This blog is not about the line for a cocktail at a wedding or an awards banquet. It’s about those vertical lines in music that break it into measures.
You’re probably wondering how this blog came out of left field, but bar lines have given me considerable pause for thought during my piano studies. And since I just finished my daily practice, I’m in the mood to share.
Bar lines help the pianist or trumpeter or banjo player identify a certain place in the music, as each measure has a number. If your teacher says you need extra work on measures 12 through 18, you know where to find them. Bar lines also help with the time signature in that each measure meets the requirements for the particular signature involved. For instance, if the time signature is ¾, the music student knows the quarter note (the number on the bottom) gets a full beat and that there are three of them (the number on the top) in every measure. Unless, of course, there’s an anacrusis (an incomplete measure — and a subject for another time).
Bar lines come in various types. There is the standard bar, the double bar, the end, the begin repeat, the end repeat, and the begin and end repeat. They all mean different things and are helpful guidelines in navigating the music in question.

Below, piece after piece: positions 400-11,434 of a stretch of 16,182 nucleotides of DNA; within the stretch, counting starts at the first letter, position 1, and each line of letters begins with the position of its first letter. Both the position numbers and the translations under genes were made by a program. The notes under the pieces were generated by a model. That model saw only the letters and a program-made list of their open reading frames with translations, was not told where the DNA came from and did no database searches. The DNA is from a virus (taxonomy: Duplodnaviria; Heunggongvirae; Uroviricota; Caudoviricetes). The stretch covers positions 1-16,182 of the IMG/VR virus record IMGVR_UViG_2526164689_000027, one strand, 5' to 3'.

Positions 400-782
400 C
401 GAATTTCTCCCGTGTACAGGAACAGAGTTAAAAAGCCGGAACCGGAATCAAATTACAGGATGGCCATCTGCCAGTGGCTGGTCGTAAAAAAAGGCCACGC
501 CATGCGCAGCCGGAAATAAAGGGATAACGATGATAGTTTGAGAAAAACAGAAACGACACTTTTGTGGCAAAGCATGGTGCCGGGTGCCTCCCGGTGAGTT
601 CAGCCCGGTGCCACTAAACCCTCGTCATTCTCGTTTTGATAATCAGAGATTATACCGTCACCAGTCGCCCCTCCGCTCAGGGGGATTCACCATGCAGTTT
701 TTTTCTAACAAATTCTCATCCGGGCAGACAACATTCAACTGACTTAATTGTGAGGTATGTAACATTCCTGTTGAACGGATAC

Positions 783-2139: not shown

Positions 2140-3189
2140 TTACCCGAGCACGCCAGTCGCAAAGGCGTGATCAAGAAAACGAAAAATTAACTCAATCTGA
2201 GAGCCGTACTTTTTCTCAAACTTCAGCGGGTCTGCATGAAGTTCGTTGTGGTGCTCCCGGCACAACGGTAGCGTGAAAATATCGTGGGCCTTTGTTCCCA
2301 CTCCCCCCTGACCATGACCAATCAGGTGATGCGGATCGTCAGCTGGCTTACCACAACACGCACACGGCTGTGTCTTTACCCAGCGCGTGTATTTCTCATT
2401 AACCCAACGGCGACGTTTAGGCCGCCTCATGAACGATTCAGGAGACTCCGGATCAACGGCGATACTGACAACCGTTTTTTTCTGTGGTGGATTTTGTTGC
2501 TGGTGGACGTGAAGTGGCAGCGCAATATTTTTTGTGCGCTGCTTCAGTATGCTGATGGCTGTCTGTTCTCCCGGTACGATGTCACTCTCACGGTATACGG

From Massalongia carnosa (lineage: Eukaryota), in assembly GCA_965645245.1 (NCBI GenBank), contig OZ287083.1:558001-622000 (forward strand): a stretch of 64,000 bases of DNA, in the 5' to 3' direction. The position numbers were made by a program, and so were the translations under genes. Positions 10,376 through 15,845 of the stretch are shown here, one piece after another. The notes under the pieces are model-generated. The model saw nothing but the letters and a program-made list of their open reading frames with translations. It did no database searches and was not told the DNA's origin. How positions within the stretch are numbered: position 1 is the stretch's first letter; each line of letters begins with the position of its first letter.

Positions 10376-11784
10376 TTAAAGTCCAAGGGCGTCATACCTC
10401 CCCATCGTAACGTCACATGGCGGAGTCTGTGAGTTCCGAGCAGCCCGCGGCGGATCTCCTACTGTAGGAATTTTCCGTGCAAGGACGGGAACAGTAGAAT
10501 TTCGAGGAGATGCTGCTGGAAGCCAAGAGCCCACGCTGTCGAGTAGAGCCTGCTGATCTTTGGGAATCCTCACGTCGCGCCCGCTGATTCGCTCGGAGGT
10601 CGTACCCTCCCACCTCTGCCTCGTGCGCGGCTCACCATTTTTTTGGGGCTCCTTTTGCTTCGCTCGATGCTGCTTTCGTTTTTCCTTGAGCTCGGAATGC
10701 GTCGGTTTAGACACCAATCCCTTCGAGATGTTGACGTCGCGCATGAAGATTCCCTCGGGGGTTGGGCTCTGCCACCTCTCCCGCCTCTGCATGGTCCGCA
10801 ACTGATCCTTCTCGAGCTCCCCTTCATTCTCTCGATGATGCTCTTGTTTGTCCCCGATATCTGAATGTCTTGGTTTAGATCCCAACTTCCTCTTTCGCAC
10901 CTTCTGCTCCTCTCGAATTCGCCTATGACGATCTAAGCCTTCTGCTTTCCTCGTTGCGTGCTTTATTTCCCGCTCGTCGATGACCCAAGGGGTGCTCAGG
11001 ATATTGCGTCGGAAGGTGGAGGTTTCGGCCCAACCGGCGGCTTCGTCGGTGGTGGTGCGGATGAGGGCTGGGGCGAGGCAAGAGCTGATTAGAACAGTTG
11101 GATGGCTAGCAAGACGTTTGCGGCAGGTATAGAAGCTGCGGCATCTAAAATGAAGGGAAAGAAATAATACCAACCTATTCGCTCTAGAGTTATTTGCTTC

The thing is that while bar lines help with the mathematics of music and avoid pages of repeated measures, they do not help with the dynamics of a piece. This is because the phrases of played music ignore the bar lines as they move along.
Imagine a sentence like this: Annie loves coffee, but joe loves seltzer. In English, there are five syllables in each sentence joined by a comma. But in music, in 4/4 time, there are only four beats to a measure.
So, if the above sentence were in musical notation (assuming all notes were quarter notes . . . and often they’re not), it would read like this in 4/4 time. Annie loves coff/ee but Joe loves/ seltzer. “Seltzer” would be in a different measure; and while the mathematician in me understands that, the musician in me struggles to leap the bar line for the sake of the music.
If you don’t understand any of this, that’s fine. You probably didn’t understand diagramming sentences either. Or maybe you never took music. Just know that standing in a bar line for a cocktail is far easier.